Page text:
Friday, November 13, 2015

Here's mud in your eye

If you're trying to create a work of art by throwing wads of mud at a wall (and let's not even get started on why you might want to do such a thing), you could draw the design first and toss the mud inside the lines or you could toss the mud first and draw the design around them afterward--but either way, the lines give shape and purpose to the random splats.

I've seen students draft papers using either method: create a clear, compelling, specific thesis statement and then arrange the points in the argument to fit within the lines, or toss a bunch of semi-related ideas on the page and then go back and write a thesis that specifies the connection. A diligent writer committed to revision can make either method work, so part of my task as a writing teacher is to figure out what kinds of writers I have in the room and guide them toward success.

Me? I'm a little of both: in the early stages of a project, I'll toss a bunch of ideas against the wall and see what sticks, but as soon as the ultimate shape of the essay starts revealing itself, I draw the lines and write the thesis. It will surely get revised along the way, but I need structure to guide my writing.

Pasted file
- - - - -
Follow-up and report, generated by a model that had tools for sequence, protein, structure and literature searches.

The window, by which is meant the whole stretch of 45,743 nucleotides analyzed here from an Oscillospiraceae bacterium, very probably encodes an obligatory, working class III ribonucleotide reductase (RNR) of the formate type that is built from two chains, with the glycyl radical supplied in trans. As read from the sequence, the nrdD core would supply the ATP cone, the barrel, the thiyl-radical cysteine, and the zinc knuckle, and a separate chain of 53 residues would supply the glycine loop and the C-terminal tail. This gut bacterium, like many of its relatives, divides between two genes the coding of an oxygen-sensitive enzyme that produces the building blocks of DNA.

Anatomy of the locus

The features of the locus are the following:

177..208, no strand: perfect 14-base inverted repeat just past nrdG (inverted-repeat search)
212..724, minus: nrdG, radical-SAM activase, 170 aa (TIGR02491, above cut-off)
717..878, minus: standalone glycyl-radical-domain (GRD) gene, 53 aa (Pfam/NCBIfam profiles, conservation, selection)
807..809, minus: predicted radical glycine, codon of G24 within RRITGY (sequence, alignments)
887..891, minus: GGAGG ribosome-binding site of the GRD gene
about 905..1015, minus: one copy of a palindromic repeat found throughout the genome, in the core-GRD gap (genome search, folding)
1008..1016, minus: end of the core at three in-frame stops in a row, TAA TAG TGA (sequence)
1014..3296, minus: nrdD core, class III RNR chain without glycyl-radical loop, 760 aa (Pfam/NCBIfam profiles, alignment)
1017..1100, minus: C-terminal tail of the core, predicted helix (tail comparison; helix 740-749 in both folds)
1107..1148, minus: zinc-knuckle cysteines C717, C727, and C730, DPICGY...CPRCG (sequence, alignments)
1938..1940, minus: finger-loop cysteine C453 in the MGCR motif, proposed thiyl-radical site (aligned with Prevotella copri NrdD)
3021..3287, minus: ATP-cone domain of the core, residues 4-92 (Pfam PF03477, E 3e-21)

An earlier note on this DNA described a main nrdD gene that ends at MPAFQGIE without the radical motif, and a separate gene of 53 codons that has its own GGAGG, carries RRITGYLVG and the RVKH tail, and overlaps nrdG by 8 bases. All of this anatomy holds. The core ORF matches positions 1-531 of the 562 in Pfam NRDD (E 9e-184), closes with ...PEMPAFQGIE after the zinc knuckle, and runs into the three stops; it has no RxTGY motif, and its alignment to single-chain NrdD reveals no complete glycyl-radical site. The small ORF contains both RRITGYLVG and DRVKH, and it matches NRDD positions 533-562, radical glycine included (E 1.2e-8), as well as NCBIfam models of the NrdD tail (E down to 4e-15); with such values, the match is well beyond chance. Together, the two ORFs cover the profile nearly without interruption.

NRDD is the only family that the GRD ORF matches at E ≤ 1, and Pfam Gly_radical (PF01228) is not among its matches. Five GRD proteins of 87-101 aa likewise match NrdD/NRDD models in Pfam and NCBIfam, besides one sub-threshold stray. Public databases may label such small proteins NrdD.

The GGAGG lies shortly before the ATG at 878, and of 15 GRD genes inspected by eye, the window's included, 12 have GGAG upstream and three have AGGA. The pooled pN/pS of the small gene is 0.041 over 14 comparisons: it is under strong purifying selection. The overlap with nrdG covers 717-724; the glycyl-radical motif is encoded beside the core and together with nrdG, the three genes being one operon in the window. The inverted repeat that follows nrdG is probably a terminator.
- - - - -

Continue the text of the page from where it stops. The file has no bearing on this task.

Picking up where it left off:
But what can I do when students want to toss a bunch of mud clods against the wall, draw a vague, squiggly, illegible line around them, and then declare the work a masterpiece? I offer suggestions on drafts and require revision and I frequently offer sample thesis statements to serve as models, but I can't do the thinking for them

Which is why it's so hard to answer the question "What should my thesis say?" If a student has put in the thinking required to determine how various ideas are related and has a sense of purpose, the question is simply asking for help putting that purpose into words. I worry, though, about the other kind of student, who hasn't done the thinking and doesn't have a clue about connections, and if I ask what purpose the essay is pursuing, the response is something like "I want to get a good grade." (Don't we all! But what does your paper want to accomplish?)  

Some days I wear out my eyeballs staring at clods of mud thrown randomly at a wall--but when someone finally draws a line around it and reveals the design, all I can do is applaud.

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